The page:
Question: I need to have a difficult discussion with my boss, who is the owner of a small family business. For 12 years, "Craig" and I have had a wonderful working relationship. He has given me many opportunities, for which I am extremely grateful.
Despite loving my job, I have always hoped to eventually spend more time with my children. My husband now makes enough to support our family, so we have agreed that I should become a full-time mom. But I'm afraid Craig may misinterpret my decision.
Recently, our business has been going through tough times. Because of declining sales, employees have lost benefits and paychecks are frequently late. When I announce my resignation, Craig could feel betrayed and assume that I've just given up on the company. To make matters worse, I also need to ask for three months of back pay that he owes me. How should I approach this conversation?
Answer: Combining a warm, grateful farewell with a request for money is like putting hot peppers on ice cream. The two simply don't go together well. Therefore, a wiser approach would be to separate these radically different topics. First, meet with Craig to explain your family circumstances and express your feelings about leaving.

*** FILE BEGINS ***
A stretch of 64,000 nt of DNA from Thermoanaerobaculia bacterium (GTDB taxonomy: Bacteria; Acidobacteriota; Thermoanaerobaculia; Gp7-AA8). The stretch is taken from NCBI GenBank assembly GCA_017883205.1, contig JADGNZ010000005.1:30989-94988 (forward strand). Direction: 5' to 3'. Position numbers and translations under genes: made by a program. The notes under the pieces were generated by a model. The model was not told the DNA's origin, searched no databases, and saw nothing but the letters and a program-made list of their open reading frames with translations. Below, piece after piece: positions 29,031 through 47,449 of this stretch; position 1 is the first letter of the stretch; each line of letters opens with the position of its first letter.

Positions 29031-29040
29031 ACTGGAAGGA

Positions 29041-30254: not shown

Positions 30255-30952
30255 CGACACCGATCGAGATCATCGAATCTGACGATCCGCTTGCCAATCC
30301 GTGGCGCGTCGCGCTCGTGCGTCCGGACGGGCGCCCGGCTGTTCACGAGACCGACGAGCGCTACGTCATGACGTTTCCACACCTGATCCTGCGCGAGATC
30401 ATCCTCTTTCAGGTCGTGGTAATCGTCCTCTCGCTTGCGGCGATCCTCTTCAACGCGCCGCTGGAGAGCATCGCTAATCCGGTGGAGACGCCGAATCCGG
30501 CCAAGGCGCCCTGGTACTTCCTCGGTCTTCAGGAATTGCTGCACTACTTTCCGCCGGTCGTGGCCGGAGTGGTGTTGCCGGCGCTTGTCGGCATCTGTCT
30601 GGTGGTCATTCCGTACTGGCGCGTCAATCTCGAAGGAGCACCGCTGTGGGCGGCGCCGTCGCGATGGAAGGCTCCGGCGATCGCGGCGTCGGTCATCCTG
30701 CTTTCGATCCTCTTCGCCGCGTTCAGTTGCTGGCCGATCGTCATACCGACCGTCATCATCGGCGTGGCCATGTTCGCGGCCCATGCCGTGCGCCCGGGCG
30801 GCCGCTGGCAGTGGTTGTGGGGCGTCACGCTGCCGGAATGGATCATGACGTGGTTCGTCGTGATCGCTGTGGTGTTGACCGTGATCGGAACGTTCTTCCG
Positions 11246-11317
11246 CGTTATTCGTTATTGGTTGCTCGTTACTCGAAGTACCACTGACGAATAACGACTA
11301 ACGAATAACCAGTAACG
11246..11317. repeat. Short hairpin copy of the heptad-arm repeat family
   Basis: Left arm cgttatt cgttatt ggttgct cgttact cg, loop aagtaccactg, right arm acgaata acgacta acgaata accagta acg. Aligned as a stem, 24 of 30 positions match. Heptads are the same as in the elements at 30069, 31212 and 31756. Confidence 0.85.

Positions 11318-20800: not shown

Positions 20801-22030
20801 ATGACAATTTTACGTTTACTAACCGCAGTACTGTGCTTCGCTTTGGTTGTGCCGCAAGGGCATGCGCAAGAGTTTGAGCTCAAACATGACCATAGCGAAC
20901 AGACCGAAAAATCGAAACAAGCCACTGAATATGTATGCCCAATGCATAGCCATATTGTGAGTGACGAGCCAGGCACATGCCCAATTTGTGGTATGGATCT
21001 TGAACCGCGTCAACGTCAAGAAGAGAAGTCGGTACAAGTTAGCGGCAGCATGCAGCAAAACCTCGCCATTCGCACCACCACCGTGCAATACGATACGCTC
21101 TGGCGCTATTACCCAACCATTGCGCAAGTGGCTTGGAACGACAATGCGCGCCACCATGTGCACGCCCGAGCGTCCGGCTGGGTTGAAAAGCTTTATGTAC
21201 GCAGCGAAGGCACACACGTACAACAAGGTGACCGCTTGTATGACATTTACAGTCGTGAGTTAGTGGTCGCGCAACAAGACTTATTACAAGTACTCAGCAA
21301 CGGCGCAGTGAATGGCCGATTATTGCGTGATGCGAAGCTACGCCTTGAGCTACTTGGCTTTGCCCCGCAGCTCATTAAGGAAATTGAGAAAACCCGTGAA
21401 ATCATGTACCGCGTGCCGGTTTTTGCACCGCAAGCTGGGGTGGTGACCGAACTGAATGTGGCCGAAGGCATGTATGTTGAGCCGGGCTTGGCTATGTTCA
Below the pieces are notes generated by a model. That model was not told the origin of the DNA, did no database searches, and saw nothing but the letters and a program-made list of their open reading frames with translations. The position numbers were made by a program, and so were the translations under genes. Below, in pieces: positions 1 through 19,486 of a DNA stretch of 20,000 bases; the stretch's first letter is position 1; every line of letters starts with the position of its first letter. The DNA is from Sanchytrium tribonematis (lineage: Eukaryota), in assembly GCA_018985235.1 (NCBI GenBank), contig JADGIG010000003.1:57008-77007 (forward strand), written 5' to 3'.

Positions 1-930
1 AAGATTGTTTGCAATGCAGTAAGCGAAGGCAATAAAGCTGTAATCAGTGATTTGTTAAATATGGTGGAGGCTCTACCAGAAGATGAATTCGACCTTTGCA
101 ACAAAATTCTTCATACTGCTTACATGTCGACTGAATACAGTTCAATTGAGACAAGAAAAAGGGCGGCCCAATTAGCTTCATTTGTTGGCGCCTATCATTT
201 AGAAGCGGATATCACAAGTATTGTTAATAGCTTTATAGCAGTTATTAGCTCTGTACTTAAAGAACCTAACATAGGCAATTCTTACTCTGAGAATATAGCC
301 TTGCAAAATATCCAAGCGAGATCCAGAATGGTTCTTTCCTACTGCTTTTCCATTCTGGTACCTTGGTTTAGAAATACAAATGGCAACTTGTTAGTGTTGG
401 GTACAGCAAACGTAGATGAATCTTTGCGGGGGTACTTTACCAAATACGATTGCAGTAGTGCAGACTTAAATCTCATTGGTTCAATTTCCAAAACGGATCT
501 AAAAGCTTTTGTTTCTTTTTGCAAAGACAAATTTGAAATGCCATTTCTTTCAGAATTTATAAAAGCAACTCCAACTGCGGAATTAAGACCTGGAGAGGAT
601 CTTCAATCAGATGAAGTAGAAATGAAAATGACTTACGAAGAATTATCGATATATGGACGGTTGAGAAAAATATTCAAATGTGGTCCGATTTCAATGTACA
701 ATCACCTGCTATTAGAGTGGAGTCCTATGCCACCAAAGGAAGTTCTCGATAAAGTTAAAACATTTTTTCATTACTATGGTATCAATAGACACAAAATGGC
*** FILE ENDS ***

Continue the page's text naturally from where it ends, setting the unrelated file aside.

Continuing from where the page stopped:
For example: "Craig, I need to let you know that Jack and I believe our kids should have a full-time parent at home right now. Unfortunately, that means I will have to resign. This was not an easy decision, because I feel a great deal of loyalty to you and the company. However, it's the best choice for our family."
Give Craig a few days to absorb this news, then politely mention the past-due paychecks. If you haven't been reimbursed by the time you depart, be sure to get a signed acknowledgement of the debt. Even when relationships are good, financial agreements need to be documented.
Marie G. McIntyre is a workplace coach and the author of "Secrets to Winning at Office Politics." Send in questions and get free coaching tips at www.yourofficecoach.com.